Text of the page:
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Weight loss-induced increase in fasting ghrelin concentration is a predictor of weight regain: Evidence from the Diabetes Remission Clinical Trial (DiRECT)

Lookup NU author(s): Dr Ahmad Al-Mrabeh, Dr Sviatlana Zhyzhneuskaya, Dr Patrick Welsh, Professor Roy Taylor

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This is the authors' accepted manuscript of an article that has been published in its final definitive form by John Wiley & Sons Ltd, 2020.

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Abstract

AimTo investigate whether appetite‐related hormones were predictors of weight regain in the Diabetes Remission Clinical Trial (DiRECT).Materials and MethodsDiRECT is a cluster‐randomized clinical trial, designed to assess the effect of weight loss on type 2 diabetes remission. For this post hoc analysis, data were available for 253 (147 interventions, 106 controls) individuals with type 2 diabetes (age 53.6 ± 7.5 years, body mass index 34.7 ± 4.4 kg/m2, 59% men). Intervention participants received a 24‐month weight management programme, and controls remained on usual diabetes care. Fasting plasma concentrations of leptin, ghrelin, glucagon‐like peptide‐1 and peptide YY were measured at baseline, 12 months and 24 months in all participants, and at 5 months in a subset of participants in the intervention (n = 56) and control groups (n = 22). Potential predictors were examined using multivariable linear regression models.ResultsThe intervention group lost 14.3 ± 6.0% body weight at 5 months but regained weight over time, with weight losses of 10.0 ± 7.5% at 12 months and 7.6 ± 6.3% at 24 months. Weight loss in controls was 1.1 ± 3.7% and 2.1 ± 5.0% at 12 and 24 months, respectively. Body weight increased by 2.3% (95% confidence interval [CI] 0.4, 4.1; P = 0.019) between 12 and 24 months for every 1‐ng/mL increase in ghrelin between baseline and 12 months, and weight regain between 12 and 24 months was increased by 1.1% (95% CI 0.2, 2.0; P = 0.023) body weight for every 1‐ng/mL increase in ghrelin at 12 months.ConclusionThe rise in ghrelin (but not any other measured hormone) during diet‐induced weight loss was a predictor of weight regain during follow‐up, and concentrations remained elevated over time, suggesting a small but significant compensatory drive to regain weight. Attenuating the effects of ghrelin may improve weight‐loss maintenance.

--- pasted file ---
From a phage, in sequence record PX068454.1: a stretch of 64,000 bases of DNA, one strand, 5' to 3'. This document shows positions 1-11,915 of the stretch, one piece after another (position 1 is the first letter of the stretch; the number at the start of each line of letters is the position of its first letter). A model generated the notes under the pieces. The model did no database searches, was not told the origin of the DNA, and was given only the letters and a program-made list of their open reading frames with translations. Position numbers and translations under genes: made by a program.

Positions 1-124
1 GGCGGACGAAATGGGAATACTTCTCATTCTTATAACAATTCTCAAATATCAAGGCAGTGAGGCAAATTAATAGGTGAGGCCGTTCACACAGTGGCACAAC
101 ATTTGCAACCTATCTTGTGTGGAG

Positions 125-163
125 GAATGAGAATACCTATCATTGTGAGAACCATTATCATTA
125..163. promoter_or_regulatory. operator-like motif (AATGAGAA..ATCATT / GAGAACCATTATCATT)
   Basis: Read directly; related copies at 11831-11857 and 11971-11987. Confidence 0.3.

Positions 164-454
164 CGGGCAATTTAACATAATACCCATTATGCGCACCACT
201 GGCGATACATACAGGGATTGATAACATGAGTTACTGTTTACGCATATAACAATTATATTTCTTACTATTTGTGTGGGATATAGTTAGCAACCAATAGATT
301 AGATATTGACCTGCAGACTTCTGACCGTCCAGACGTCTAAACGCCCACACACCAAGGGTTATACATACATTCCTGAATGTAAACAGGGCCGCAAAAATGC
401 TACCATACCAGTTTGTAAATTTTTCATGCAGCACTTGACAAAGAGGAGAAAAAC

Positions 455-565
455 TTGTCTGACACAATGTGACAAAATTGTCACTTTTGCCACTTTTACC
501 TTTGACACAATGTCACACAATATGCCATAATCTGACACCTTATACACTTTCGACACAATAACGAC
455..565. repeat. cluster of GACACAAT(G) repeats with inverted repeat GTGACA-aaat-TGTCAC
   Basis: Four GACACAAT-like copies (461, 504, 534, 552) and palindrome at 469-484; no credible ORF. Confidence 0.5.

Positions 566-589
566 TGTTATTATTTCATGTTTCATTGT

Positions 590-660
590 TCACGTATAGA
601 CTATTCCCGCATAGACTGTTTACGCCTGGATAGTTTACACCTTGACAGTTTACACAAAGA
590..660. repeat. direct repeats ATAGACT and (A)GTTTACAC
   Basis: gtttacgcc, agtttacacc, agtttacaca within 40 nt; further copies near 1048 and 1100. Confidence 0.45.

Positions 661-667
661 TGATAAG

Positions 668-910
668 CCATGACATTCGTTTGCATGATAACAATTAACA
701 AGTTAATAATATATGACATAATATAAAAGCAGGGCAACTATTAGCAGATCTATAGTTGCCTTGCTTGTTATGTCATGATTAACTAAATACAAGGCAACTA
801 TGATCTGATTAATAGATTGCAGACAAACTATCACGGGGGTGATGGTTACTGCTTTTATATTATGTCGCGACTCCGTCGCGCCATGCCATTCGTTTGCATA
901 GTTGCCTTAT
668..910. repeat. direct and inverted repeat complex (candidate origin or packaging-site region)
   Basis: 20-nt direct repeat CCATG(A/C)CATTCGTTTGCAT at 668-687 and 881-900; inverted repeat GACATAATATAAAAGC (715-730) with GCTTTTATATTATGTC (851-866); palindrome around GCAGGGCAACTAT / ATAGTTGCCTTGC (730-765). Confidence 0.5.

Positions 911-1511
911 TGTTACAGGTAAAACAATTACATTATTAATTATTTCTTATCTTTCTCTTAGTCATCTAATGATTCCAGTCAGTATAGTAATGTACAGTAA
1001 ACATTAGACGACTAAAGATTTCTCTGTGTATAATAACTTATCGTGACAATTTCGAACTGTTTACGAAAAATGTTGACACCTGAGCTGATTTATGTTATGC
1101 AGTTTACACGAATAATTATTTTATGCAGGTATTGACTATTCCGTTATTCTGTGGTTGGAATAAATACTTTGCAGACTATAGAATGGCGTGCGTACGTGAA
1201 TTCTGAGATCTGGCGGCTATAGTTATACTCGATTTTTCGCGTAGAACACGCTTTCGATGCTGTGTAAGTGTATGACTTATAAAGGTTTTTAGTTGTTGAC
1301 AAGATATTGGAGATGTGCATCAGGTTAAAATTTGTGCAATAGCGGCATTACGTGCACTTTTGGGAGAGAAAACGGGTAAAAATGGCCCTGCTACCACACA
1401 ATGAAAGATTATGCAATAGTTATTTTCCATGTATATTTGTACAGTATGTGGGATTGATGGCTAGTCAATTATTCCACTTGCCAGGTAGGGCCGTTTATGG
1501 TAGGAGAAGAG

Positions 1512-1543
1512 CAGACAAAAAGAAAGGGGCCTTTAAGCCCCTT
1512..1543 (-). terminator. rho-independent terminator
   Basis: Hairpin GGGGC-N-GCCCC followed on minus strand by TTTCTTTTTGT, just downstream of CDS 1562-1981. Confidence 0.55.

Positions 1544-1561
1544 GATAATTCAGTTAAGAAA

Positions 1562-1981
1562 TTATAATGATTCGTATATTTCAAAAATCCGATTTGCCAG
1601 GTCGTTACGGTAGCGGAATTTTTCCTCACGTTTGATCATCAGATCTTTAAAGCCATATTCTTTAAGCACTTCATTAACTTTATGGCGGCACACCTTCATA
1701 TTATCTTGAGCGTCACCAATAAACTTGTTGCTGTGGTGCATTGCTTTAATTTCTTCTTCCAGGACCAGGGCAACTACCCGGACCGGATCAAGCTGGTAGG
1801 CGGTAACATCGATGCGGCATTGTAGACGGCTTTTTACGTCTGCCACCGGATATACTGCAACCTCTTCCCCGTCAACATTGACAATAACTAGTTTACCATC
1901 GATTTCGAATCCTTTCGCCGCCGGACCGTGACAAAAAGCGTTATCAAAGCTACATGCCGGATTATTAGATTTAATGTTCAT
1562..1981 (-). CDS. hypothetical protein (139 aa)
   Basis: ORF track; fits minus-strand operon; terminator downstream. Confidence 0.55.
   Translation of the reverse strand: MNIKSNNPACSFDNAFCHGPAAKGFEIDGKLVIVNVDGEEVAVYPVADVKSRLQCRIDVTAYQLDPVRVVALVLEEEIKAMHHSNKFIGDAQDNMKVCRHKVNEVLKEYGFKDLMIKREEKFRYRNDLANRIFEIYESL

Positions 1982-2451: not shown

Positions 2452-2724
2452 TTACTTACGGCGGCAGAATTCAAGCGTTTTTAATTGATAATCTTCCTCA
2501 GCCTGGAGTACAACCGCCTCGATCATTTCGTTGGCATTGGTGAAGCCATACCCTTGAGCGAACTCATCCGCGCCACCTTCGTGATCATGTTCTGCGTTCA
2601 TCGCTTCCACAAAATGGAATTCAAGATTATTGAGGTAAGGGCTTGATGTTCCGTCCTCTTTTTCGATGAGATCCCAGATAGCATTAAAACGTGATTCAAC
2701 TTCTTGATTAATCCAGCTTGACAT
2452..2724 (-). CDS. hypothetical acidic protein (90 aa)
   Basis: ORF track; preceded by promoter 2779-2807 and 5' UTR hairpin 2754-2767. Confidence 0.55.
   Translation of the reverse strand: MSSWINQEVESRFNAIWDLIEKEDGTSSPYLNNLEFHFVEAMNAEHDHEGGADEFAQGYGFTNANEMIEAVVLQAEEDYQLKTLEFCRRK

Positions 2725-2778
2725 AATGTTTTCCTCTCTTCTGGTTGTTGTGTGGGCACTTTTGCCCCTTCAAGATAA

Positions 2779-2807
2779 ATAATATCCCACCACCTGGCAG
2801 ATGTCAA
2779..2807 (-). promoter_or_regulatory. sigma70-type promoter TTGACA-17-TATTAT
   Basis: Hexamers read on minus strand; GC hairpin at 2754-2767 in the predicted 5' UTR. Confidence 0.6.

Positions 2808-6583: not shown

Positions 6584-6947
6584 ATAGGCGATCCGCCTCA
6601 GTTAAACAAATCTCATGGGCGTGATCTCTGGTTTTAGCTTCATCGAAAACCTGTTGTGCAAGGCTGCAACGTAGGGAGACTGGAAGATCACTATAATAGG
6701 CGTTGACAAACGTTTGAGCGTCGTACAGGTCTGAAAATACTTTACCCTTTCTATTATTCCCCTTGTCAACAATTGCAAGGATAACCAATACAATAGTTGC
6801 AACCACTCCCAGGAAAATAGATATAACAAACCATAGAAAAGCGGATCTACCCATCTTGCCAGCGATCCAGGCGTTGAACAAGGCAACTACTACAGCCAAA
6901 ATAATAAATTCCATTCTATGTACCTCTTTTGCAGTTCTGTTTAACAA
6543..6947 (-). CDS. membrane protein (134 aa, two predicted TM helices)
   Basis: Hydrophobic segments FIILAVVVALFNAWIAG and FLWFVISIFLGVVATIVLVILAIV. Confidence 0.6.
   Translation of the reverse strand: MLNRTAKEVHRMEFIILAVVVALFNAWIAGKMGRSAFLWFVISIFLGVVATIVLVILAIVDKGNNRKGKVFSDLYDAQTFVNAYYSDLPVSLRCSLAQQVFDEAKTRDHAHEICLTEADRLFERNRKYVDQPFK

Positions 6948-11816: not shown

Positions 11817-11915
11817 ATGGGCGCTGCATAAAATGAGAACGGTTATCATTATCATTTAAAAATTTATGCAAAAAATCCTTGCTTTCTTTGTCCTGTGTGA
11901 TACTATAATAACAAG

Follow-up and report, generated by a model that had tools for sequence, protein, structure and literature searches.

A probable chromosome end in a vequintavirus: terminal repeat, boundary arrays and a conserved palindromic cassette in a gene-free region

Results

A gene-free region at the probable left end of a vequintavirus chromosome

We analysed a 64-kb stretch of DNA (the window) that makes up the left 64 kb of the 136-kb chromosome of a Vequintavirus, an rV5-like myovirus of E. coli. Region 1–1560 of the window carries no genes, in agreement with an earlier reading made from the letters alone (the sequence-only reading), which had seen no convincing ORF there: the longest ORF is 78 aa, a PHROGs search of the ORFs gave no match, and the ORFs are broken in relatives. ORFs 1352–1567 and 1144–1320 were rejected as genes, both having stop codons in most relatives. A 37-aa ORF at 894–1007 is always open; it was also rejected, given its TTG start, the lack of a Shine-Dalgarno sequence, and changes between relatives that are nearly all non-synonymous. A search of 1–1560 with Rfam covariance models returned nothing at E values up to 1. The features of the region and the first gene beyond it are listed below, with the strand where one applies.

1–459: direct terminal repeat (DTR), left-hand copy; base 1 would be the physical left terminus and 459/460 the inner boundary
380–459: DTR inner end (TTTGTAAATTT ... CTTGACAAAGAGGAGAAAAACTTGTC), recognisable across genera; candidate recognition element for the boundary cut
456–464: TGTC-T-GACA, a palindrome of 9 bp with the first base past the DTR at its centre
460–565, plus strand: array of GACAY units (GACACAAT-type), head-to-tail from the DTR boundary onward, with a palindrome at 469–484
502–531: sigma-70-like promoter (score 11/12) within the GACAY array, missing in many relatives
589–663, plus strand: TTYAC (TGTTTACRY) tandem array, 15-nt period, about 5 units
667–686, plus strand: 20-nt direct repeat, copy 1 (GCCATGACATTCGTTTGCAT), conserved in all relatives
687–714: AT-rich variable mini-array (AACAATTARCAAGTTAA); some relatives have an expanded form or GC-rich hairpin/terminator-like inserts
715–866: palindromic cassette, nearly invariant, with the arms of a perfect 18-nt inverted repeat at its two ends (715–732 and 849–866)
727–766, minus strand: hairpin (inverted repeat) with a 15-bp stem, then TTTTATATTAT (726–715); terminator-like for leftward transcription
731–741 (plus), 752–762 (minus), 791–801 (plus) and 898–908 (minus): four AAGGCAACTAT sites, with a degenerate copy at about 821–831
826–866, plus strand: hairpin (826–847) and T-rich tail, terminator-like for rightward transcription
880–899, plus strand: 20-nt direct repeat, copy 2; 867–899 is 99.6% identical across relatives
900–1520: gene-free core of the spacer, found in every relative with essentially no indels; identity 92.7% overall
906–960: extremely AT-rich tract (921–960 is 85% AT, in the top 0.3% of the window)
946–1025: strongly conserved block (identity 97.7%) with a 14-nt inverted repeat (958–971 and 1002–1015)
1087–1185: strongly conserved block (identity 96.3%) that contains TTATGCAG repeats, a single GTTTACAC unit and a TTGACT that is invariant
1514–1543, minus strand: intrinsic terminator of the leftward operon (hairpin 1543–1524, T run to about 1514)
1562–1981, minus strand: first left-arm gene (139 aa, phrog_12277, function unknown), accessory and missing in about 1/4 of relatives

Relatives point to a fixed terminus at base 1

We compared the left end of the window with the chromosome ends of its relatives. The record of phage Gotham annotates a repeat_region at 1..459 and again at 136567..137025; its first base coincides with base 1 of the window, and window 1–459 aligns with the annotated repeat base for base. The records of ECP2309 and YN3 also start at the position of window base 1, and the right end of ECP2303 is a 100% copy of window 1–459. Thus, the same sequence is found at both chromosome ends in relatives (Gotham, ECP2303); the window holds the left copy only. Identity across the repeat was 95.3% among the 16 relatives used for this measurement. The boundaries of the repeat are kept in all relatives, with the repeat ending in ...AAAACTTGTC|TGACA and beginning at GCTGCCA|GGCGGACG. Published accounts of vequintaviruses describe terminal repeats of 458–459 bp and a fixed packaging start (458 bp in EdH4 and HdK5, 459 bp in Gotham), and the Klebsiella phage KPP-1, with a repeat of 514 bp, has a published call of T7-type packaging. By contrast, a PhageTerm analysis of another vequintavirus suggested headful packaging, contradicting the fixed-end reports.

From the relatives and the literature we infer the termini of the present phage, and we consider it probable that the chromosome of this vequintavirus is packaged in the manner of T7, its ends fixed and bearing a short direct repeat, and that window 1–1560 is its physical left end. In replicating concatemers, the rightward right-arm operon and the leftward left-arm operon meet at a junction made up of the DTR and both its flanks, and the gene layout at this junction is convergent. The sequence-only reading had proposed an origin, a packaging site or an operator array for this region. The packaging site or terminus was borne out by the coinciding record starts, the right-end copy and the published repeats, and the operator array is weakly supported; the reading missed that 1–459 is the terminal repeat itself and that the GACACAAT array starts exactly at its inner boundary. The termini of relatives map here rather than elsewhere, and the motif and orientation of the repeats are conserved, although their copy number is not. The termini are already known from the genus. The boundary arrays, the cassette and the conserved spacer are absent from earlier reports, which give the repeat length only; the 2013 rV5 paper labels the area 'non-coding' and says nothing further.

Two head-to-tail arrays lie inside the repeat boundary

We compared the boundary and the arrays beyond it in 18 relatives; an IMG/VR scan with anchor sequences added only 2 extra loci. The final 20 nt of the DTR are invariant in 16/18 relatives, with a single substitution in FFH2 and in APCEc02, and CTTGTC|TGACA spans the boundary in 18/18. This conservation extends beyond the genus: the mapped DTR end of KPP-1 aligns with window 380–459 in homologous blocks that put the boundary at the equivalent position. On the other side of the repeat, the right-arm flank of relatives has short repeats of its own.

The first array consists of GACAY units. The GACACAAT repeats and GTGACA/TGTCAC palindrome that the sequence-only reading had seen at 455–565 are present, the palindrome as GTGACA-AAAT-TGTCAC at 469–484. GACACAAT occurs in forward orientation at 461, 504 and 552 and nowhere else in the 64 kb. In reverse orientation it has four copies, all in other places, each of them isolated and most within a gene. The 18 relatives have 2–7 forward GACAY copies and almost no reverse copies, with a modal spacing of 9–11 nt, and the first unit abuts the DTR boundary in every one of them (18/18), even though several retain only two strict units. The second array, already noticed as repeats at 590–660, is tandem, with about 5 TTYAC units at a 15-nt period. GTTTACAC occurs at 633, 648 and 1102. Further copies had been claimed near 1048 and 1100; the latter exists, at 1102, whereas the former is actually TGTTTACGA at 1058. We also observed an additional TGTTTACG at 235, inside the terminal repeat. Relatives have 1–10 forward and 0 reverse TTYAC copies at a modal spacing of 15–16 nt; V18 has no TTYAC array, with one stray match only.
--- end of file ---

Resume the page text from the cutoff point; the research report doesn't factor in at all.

Publication metadata

Author(s): Thom G, McIntosh A, Messow C-M, Leslie WL, Barnes A, Brosnahan N, McCombie L, Malkova D, Al-Mrabeh A, Zhyzhneuskaya S, Welsh P, Sattar N, Taylor R, Lean MEJ

Publication type: Article

Publication status: Published

Journal: Diabetes, Obesity and Metabolism

Year: 2020

Volume: 23

Issue: 3

Pages: 711-719

Print publication date: 08/09/2020

Online publication date: 22/11/2020

Acceptance date: 26/11/2020

Date deposited: 26/02/2021

ISSN (print): 1462-8902

ISSN (electronic): 1463-1326

Publisher: John Wiley & Sons Ltd

URL: https://doi.org/10.1111/dom.14274

DOI: doi.org/10.1111/dom.14274

PubMed id: 33369058


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